Show Choir Now a P.E. Credit

Ross Legacy practices a dress rehearsal.

Jennifer Schwab

Ross Legacy practices a dress rehearsal.

Ross Legacy Show Choir is a grand champion program that has many students putting in hard work every day. Last year, a school amendment was changed to where the students can complete their P.E. credit with two seasons. 

In Sept. 2019, show choir joined other interscholastic sports, marching band, and cheerleading as counting towards a physical education credit in Ohio schools.

ABC 6 stated, “Show choir was added to the list of eligible activities that can excuse students from physical education. The amendment was introduced by Representative Tracy Richardson (R-Marysville).”

This was changed because a good amount of students involved in show choir were taking up a lot of their time by taking extra gym classes, or extra sports with show choir as well. This was restricting students from taking AP classes, and other vital classes because the students didn’t have enough time. With this change, students are now able to take more classes and be more willing to join show choir in order to fulfill their requirement with something they love.

Sophomore Noah Schlasinger said, “People only see basketball or baseball as a P.E. credit, but in show choir, the dancing and singing can be really exhausting as well.”

Legacy students must audition for their spots just as if one would have to try out for a spot on the basketball team. The two have many similarities, requiring many of the same skill set.

Choir and show choir director, Sterling Finkbine said, “I would say show choir is a combination of a lot of sports. It requires a high level of physical activity, strategy precision, and commitment and dedication.”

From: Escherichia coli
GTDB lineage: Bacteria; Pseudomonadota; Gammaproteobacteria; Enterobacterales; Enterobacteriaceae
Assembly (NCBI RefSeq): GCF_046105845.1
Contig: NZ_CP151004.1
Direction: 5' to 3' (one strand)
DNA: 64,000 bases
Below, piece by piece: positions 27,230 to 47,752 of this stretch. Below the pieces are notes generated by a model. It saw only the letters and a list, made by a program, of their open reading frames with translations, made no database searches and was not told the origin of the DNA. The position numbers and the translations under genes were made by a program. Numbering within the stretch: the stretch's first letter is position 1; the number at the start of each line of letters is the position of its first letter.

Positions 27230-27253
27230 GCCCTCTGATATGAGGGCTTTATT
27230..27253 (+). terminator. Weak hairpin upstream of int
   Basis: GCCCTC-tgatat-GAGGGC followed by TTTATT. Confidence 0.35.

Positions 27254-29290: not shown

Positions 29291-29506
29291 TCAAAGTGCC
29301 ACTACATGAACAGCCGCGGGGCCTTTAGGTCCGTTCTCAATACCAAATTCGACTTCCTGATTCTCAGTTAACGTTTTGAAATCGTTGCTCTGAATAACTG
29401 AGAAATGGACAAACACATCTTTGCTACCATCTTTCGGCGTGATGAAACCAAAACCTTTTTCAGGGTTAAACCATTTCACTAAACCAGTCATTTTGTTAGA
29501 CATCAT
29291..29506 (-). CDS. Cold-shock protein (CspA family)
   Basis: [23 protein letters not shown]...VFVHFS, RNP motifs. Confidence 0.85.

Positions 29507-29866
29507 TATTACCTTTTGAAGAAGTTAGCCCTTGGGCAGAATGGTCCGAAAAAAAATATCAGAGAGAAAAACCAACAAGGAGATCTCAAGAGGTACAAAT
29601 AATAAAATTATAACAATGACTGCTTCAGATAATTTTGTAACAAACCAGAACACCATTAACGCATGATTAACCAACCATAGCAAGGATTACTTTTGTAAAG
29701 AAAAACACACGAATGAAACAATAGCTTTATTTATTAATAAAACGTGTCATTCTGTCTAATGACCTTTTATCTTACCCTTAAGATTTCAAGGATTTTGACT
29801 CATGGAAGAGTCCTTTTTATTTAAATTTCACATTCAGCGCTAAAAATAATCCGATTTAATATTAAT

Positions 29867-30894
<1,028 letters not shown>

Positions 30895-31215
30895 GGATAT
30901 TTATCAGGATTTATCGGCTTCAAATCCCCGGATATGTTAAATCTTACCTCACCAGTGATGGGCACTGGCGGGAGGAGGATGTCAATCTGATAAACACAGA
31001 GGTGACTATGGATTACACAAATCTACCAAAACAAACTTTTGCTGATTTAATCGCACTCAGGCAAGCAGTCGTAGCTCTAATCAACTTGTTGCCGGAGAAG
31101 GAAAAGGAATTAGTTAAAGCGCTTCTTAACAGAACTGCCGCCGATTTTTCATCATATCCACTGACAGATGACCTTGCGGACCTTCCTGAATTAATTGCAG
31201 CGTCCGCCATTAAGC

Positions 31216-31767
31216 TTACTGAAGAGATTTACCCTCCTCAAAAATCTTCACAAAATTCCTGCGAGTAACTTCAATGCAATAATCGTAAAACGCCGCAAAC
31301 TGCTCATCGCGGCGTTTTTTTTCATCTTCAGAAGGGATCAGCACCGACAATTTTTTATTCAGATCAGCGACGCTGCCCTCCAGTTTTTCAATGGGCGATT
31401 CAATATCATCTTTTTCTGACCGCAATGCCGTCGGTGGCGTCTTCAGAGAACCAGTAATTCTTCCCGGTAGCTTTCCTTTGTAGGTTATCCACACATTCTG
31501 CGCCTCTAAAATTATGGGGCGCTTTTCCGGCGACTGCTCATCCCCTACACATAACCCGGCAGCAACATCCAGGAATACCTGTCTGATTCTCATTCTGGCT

Legacy practices immensely. They are at the school putting in work twice a week, with some added eight-hour practices, and Friday and Saturday competitions, sometimes with the members being gone all weekend. 

“Legacy members put in well over 250 hours throughout the year. Long days, long nights, lots of practice,” Finkbine stated.

Show choir also has “game days” similar to a sport. Their competitions are usually on Fridays and Saturdays. 

Finkbine stated, “Game day for show choir is intense, but also relaxing. There is a lot of down-time to hang with friends, visit with folks from other schools, but when it comes to our competition performance, it’s intense, purposeful, and highly competitive.”

Schlasinger stated, “I’ve played baseball, soccer, basketball, and it’s different. You get a little nervous before a game, but it’s nothing like show choir. Before a performance, you get chills, and your stomach is flipping. [For show choir], you get really jumpy and nervous to perform in front of hundreds or thousands of people. I feel like you can’t have that experience from any sport.”

Show choir is physically vigorous, and the students are diligent with working in order to win and one-up not only other show choirs, but also themselves. They continuously work on improving their show and themselves in order to be the best.

The bill being passed has been a huge win for the arts program. Knowing that their hard work is being able to fill a requirement for graduation, but also that the program is being noticed by Ohio lawmakers enough to make a change.

If you would like to get involved in show choir, talk to Sterling Finkbine in the choir room, or message him on Schoology.